📒The Mormon Question ✍ Sarah Barringer Gordon
✏The Mormon Question Book Summary : From the Mormon Church's public announcement of its sanction of polygamy in 1852 until its formal decision to abandon the practice in 1890, people on both sides of the "Mormon question" debated central questions of constitutional law. Did principles of religious freedom and local self-government protect Mormons' claim to a distinct, religiously based legal order? Or was polygamy, as its opponents claimed, a new form of slavery--this time for white women in Utah? And did constitutional principles dictate that democracy and true liberty were founded on separation of church and state? As Sarah Barringer Gordon shows, the answers to these questions finally yielded an apparent victory for antipolygamists in the late nineteenth century, but only after decades of argument, litigation, and open conflict. Victory came at a price; as attention and national resources poured into Utah in the late 1870s and 1880s, antipolygamists turned more and more to coercion and punishment in the name of freedom. They also left a legacy in constitutional law and political theory that still governs our treatment of religious life: Americans are free to believe, but they may well not be free to act on their beliefs.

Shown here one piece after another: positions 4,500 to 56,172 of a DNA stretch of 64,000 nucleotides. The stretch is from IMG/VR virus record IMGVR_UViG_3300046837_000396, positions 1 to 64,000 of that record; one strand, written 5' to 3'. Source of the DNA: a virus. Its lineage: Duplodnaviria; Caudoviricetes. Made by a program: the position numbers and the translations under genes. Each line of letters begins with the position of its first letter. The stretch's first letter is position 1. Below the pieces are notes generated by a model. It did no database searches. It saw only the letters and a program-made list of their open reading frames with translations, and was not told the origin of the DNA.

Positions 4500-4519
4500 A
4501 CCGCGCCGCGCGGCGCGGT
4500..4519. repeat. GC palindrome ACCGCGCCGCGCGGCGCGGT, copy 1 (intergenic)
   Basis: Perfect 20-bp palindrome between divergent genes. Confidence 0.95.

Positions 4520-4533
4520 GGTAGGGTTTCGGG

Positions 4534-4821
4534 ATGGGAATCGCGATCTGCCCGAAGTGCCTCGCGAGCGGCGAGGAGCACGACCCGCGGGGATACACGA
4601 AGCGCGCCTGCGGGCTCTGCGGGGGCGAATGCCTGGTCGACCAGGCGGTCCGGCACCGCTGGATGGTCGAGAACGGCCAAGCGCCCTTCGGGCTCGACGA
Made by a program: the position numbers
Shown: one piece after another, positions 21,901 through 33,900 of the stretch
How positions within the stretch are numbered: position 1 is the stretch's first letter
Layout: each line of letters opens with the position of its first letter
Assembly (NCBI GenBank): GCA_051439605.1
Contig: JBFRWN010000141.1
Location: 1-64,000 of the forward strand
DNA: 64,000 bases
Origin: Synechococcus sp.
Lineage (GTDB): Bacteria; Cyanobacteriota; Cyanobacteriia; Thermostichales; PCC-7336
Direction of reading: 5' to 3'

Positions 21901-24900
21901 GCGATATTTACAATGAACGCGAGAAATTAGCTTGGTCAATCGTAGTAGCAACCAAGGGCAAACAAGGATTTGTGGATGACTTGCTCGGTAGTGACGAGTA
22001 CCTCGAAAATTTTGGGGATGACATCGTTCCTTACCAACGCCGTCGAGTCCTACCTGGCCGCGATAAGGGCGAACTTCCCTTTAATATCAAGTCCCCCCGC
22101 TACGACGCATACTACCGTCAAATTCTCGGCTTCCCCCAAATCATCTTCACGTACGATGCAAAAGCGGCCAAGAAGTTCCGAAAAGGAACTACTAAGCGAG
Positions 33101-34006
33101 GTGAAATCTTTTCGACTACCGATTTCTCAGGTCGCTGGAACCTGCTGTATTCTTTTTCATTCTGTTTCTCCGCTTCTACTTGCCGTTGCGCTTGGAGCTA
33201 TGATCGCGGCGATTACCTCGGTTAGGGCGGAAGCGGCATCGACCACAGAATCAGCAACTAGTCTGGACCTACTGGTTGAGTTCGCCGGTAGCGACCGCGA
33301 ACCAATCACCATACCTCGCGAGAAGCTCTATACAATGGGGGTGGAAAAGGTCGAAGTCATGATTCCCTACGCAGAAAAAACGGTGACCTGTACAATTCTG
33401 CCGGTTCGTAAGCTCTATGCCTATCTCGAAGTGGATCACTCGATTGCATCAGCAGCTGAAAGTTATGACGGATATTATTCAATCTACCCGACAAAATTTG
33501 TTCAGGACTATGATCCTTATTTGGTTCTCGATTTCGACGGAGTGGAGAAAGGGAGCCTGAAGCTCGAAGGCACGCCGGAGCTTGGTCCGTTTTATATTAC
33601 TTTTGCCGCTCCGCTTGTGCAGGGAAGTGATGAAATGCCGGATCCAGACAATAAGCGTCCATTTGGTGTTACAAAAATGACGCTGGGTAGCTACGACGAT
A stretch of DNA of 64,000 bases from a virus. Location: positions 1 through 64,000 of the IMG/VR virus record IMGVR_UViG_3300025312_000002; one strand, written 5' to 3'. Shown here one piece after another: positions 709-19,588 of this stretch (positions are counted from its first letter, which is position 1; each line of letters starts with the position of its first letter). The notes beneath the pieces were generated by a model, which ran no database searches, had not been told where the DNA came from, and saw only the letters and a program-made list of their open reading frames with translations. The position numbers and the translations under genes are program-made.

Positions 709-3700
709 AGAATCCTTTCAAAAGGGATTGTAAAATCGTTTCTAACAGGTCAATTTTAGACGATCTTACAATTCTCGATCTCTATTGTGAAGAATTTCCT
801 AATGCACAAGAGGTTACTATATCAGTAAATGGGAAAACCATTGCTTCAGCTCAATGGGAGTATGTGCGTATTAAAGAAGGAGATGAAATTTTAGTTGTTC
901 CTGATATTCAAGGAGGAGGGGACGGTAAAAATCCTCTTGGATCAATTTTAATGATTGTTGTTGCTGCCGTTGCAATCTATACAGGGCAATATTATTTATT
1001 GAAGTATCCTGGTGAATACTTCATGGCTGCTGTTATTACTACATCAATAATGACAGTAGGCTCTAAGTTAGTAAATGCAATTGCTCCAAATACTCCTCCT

📒The Latter Day Saint Experience In America ✍ Terryl Givens
✏The Latter day Saint Experience in America Book Summary : Provides the most comprehensive overview of Mormonism--one of the fast growing religions in the World--available in one volume.
📒The Mormon Image In The American Mind ✍ J.B. Haws